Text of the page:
Tal Klatchko, D.O.

Pulmonary & Critical Care
Roper-St. Francis Hospital
Charleston, South Carolina

Asbestos linked lung diseases

Asbestos linked lung diseases are diseases that develop from exposure to asbestos fibers. Asbestos is a mineral that, at one time, was widely used in many industries.

Build up of Asbestos Fibers in your lungs can lead to:

  • Pleural plaque – A condition in which the tissue around the lungs and diaphragm thickens and hardens. This tissue is called the pleura. Pleural plaque usually causes no symptoms. Rarely, as the pleura thickens, it can trap and compress part of the lung. This may show up as a mass on an x-ray image.
  • Pleural effusion – A condition in which excess fluid builds up in the pleural space. The pleural space is the area between the lungs and the chest wall.
  • Asbestosis -A condition in which the lung tissue becomes scarred. Individuals who have asbestosis are at greater risk for lung cancer, especially if they smoke.
  • Lung cancer – A type of cancer forms in the lung tissue, usually in the cells lining the air passages.
  • Mesothelioma – Cancer of the pleura.

Asbestos also can cause cancer in the lining of the abdominal cavity. This lining is known as the peritoneum.


Individuals who worked around asbestos during that time are at risk for asbestos-related lung diseases. Individuals at highest risk for these diseases include:

  • Unprotected workers who made, installed, or removed products containing asbestos. Individuals who worked near those who did these jobs also are at risk.
  • Family members of workers who were exposed to asbestos. Family members may have breathed in asbestos fibers that workers brought home on their clothes, shoes, or bodies.
  • Individuals who lived in areas with large deposits of asbestos in the soil. However, this risk is limited to areas where the deposits were disturbed and asbestos fibers escaped into the air.

Asbestos fibers also can be released into the air when older buildings containing asbestos-made products are destroyed. Removing these products during building renovations also can release asbestos fibers into the air.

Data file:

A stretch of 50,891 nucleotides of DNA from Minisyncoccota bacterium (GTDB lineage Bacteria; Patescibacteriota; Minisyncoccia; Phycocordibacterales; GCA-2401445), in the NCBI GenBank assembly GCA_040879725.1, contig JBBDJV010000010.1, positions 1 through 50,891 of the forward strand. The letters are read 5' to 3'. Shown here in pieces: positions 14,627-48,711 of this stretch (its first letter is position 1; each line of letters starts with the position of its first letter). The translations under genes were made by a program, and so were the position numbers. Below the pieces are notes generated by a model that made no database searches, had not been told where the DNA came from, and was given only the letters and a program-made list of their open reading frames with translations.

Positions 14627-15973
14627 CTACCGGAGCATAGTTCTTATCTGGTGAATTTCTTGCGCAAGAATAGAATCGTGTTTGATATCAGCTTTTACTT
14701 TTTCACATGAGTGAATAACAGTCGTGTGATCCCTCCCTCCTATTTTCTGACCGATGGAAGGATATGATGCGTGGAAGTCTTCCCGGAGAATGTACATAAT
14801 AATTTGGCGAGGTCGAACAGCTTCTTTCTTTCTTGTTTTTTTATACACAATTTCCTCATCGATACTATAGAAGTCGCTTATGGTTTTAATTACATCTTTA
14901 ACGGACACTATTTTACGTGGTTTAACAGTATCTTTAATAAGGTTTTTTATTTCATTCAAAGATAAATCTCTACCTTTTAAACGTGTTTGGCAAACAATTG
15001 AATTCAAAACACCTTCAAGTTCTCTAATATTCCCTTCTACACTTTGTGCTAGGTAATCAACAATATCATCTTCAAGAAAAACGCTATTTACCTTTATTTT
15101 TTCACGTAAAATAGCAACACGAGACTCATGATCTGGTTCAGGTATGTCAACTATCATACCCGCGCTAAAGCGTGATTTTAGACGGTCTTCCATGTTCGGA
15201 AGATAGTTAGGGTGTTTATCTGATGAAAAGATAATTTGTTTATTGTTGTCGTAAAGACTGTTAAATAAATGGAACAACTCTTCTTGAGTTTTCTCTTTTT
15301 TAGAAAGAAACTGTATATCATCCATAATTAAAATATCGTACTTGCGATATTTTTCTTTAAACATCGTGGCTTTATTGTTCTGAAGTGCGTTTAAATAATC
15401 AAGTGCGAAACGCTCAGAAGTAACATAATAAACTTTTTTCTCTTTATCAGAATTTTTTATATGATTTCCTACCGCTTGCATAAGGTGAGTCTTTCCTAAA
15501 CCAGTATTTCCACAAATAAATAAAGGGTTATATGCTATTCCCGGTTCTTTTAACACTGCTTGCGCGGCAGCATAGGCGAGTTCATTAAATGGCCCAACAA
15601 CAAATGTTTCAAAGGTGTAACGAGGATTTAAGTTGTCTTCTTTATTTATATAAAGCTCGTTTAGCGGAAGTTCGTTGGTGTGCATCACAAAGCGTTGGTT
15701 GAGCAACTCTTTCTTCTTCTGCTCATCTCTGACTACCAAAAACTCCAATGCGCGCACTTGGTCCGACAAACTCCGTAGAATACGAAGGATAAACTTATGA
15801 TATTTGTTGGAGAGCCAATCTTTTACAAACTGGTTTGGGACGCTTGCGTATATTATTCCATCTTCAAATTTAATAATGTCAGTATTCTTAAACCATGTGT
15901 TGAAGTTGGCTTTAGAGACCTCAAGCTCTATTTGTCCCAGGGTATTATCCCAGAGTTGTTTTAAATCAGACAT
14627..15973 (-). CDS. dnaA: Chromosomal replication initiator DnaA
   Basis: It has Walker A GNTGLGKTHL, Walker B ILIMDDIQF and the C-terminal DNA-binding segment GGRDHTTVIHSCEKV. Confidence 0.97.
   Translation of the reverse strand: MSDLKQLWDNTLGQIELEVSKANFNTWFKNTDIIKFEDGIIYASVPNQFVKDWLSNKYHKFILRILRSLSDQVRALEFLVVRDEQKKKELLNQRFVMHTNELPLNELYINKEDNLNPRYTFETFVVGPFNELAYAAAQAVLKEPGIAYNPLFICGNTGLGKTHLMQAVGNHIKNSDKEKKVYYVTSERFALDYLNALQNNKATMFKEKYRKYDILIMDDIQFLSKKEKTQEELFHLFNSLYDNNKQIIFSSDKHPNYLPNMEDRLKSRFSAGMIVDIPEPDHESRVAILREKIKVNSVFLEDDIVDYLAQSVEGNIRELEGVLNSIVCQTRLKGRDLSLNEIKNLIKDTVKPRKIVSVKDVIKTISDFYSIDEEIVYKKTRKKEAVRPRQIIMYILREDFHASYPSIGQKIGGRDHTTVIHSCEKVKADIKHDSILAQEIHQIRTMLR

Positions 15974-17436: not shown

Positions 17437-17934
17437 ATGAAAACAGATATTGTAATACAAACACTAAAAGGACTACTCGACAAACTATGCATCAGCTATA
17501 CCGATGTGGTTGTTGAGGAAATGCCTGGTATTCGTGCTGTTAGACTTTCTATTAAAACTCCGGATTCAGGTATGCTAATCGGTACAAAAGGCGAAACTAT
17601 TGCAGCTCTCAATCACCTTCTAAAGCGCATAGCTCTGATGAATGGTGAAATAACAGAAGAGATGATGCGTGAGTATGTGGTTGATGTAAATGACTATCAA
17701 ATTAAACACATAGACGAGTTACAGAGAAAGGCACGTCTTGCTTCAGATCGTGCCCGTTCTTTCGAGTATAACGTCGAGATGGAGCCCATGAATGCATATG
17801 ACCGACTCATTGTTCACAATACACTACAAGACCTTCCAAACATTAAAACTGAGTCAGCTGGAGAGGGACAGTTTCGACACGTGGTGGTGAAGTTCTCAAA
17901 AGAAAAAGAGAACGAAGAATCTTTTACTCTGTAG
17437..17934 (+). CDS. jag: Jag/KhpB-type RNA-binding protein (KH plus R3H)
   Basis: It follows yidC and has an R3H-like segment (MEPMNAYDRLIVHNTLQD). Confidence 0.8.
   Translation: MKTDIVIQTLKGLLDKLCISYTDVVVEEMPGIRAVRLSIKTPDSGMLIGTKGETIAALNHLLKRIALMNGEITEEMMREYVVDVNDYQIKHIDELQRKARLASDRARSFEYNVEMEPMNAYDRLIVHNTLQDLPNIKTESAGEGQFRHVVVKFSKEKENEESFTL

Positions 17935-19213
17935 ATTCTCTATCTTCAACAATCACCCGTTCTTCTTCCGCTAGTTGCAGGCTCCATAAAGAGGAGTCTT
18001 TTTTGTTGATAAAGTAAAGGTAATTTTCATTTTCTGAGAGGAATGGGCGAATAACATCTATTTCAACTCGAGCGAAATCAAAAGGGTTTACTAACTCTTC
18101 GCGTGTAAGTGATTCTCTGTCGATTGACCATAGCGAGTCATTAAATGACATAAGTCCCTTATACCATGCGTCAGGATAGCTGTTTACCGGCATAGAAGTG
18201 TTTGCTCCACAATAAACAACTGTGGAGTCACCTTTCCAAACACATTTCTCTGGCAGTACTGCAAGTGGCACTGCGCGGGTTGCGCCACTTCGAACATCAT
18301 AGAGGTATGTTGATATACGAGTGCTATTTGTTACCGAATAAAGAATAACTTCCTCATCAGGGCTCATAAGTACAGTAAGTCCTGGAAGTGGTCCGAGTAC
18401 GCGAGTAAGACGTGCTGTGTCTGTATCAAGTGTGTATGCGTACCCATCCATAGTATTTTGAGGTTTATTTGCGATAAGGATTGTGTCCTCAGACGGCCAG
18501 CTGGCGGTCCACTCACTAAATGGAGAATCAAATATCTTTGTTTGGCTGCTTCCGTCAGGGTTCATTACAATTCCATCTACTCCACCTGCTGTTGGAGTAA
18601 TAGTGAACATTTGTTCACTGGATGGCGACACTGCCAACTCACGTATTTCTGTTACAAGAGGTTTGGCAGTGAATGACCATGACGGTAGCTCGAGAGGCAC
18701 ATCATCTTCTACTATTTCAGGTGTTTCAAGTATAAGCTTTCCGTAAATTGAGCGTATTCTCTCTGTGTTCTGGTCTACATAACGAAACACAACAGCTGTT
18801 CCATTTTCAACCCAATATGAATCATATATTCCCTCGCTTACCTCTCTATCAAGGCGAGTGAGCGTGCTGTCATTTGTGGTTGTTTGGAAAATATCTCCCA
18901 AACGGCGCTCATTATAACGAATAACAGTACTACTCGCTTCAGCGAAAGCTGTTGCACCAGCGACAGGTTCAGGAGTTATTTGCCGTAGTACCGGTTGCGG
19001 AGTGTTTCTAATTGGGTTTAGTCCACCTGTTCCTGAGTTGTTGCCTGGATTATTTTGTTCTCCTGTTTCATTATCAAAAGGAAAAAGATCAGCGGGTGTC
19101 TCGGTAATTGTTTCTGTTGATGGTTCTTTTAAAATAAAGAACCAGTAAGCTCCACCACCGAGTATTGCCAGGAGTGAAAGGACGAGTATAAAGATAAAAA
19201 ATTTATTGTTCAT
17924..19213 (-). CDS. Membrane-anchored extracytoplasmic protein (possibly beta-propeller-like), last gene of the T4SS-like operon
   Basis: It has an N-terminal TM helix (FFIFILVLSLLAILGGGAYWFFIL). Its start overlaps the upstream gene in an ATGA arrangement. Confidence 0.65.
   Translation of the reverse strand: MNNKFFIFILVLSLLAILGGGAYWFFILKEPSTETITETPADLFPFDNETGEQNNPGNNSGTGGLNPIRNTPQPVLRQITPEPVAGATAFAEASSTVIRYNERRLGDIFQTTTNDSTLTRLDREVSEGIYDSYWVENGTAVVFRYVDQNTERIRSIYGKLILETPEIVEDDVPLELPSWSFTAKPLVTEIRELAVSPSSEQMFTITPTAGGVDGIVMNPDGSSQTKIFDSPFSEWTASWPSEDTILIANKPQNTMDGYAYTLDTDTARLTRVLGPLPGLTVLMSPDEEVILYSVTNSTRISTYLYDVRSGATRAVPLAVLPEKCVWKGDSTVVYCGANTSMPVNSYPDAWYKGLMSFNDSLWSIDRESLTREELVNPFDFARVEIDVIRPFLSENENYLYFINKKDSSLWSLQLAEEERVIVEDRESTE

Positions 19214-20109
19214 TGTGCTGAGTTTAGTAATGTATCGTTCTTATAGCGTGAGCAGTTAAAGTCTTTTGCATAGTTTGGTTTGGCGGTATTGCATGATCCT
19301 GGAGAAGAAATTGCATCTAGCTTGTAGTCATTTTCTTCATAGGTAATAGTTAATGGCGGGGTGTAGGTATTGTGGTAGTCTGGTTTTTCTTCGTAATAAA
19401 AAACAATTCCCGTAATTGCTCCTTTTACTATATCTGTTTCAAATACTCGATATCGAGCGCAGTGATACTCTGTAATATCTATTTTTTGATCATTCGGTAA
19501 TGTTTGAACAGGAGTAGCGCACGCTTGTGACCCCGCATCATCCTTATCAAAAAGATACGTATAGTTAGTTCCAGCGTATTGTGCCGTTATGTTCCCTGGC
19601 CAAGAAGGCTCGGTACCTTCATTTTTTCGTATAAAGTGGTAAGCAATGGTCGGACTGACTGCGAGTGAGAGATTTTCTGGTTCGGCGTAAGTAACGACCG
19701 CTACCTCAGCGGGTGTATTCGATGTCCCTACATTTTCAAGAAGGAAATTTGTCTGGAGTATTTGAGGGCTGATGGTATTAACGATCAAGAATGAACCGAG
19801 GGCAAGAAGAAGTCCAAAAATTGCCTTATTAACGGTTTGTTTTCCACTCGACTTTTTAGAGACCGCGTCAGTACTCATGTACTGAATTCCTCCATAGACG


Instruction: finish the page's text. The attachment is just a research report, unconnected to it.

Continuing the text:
The Perspective for Individuals who have asbestos-related lung diseases can vary. Their outlook will depend on which disease they have and how much it has damaged their lungs.

No treatments can reverse the effects of asbestos on your lungs. However, treatments may help relieve symptoms, slow the progress of the disease, and prevent complications.

If you’ve been exposed to asbestos, let your doctor know. He or she can watch you for signs of asbestos-related problems and start treatment early, if needed. Early treatment may help prevent or delay complications.


Significant exposure to asbestos fibers causes asbestos-related lung diseases. “Significant” usually means you were exposed for at least several months to visible dust from the fibers.

Generally, asbestos-related lung diseases develop 10 to 40 or more years after a person has been exposed to asbestos.


Anyone employed for a prolonged period in mining, milling, making, or installing asbestos products before the late 1970s is at risk for asbestos-related lung diseases.

In general, the risk is greatest for Individuals who worked with asbestos and were exposed for at least several months to visible dust from asbestos fibers. The risk for asbestos-related lung diseases also depends on the asbestos you were exposed to, the length of time and frequency during that time you were in direct contact with Asbestos, the size, shape, and chemical makeup of the asbestos fibers and your individual risks, such as smoking or existing lung diseases.


The signs and symptoms of asbestos-related lung diseases vary. They depend on the disease and how much lung damage has occurred. Signs and symptoms may not appear for 10 to 40 or more years after exposure to asbestos.

If you have pleural plaque, you may not have any signs or symptoms. Pleural effusion may cause pain in the chest on one side. Both conditions often are found with a chest x ray. These conditions may occur earlier than other asbestos-related lung diseases.

Amongst others.


Your doctor will diagnose an asbestos-related lung disease based on your past exposure to asbestos, your symptoms, a physical exam, and the results from tests.

Your doctor may ask whether you have any symptoms, such as shortness of breath or cough. The symptoms of asbestos-related lung diseases vary, depending on the disease and how much lung damage has occurred.

Your doctor also may ask whether you smoke. Smoking, along with asbestos exposure, raises your risk for lung cancer.

Your doctor will want to know about your history of asbestos exposure. He or she may ask about your work history and your spouse’s or other family members’ work histories.


No treatments can reverse the effects of asbestos on your lungs. However, treatments may help relieve symptoms and prevent or delay complications. If you have lung cancer, treatments may help slow the progress of the disease.


You can prevent asbestos-related lung diseases by limiting your exposure to asbestos fibers. If your job requires you to work around asbestos, make sure to follow workplace rules for handling it. For example, make sure that air levels are measured and that you wear the proper respirator to avoid breathing in asbestos fibers.